Alfredo Fernandez Rodriguez

You can't come in.

The usual habitual suspects are easy to identify: They’re standing around the doors of cultural events and debates that they’re prohibited from entering.

Who prohibits them?  That’s another easy one: They’re the guys in plainclothes —understood as the police— who in a strange linguistic operation to prevent certain people from entering events cry out “agitators” at them (when in fact these plainclothesmen are the only ones agitating).

They create an unpleasant atmosphere in what should be a festive premiere of a film, a gala inauguration of an exhibit or an engaging debate around a magazine.  But now these settings have the right to reserved admission.

This “apartheid” includes the most irreverent bloggers, as well as audacious photographers of Cuban reality and even the members of a rock band.

They’re the guys in plainclothes.

The noose around these suspects is drawing ever tighter, and little does it matter if you’re an important writer, comedian and short fiction film director like Eduardo del Llano.  It was sufficient for him to invite Ciro (the lead singer of the rock band “Porno Para Ricardo”) to his regular peña gathering for our forces of “cultural vigilance” to punish him by closing the space.  Their explanation was that “Del Llano must never repeat something like that again.”

Four months after having been issued a letter rejecting the current obstructions and prohibitions of social and cultural initiatives, everything is continuing the same. I’d like to think the paperwork was misrouted and lost somewhere in the official bureaucratic maze, since prohibitions against such innocuous suspects are carried out as routine these days.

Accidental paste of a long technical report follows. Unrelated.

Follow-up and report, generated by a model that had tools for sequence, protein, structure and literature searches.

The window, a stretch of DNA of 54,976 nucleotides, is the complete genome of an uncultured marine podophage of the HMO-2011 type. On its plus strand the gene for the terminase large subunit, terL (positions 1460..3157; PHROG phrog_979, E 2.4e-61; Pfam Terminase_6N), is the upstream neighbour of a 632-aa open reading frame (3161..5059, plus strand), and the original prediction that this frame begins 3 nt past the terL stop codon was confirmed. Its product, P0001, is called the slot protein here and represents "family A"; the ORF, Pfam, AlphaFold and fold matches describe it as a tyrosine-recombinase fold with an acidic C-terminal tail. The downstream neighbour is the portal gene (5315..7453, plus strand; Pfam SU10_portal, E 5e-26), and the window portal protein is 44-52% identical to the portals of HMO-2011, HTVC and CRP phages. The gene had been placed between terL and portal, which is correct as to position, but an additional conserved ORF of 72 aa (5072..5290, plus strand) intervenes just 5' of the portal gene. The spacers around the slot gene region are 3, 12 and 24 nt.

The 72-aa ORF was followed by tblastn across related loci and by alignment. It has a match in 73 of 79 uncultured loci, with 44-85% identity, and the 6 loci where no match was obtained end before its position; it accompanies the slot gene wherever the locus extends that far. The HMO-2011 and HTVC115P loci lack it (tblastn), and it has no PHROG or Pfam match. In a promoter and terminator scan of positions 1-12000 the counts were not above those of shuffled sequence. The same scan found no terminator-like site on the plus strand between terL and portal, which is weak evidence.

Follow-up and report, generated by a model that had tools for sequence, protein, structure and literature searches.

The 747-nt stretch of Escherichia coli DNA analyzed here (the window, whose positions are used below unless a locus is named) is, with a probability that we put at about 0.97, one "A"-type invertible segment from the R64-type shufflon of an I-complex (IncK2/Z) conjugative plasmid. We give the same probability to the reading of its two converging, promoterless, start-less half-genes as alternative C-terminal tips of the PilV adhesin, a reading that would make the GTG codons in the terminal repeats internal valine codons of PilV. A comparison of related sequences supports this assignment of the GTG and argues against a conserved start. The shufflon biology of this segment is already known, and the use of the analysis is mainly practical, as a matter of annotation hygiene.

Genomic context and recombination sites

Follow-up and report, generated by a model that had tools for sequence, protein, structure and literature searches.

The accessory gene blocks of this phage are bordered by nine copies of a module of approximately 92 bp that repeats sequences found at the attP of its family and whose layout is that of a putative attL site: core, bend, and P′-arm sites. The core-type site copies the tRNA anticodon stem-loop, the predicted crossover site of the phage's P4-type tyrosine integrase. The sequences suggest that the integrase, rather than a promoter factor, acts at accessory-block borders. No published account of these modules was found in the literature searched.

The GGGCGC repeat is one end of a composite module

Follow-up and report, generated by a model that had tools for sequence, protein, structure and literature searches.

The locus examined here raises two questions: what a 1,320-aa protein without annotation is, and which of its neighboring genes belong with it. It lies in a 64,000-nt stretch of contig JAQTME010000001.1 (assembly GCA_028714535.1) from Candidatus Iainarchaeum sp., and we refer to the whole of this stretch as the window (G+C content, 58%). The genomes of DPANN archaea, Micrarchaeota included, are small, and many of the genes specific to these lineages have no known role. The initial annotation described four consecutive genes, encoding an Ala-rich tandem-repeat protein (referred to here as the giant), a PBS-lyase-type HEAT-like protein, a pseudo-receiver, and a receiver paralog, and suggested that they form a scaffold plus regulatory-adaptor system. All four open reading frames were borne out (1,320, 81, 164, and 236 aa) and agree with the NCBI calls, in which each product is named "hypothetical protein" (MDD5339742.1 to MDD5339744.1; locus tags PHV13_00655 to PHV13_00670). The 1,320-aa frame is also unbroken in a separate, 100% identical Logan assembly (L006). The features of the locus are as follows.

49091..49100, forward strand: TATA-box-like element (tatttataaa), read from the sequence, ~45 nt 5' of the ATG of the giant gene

I pray to God for the letter to be read by somebody in the officialdom who can stop this, especially before my picture falls in the hands of somebody bent on screaming at me, calling me an agitator and then preventing me from entering some cinema, exhibit or intellectual debate.  If it’s not read by an official “who thinks,” then may the Lord protect me from these cultural vigilantes so they don’t include me on their list of usual suspects.


Alfredo Fernandez

Alfredo Fernandez: I didn't really leave Cuba, it's impossible to leave somewhere that you've never been. After gravitating for 37 years on that strange island, I managed to touch firm ground, but only to confirm that I hadn't reached anywhere. Perhaps I will never belong anywhere. Now I'm living in Ecuador, but please, don't believe me when I say where I am, better to find me in "the Cuba of my dreams.

One thought on “Havana’s Usual Suspects

  • 1st thing: whatever ‘trouble’ (or not) you people are going to cause at these events, these police & vigilantes have no real right to stop you from attending, including whether the events themselves become ‘closed’ or not. However, matters are not so simple, either: because the imperialists really ARE using dissent in Cuba as a wedge with which to attempt to destroy whatever socialism there is on the island. & so the government & its supporters really do have a point too. It’s how they go about it that is the issue. & police methods are always an admission of failure, of a sort.

    2nd thing: the secret police here in the imperialist countries do the exact same thing & worse: except that the circumstances are very different as to how they can go about marginalizing dissent here. Deathsquads & prison are always the ultimate ‘fallback’ action, of course.

    So don’t anyone think that the West is “free” — while “communist Cuba” is a “dictatorship”. That is just…

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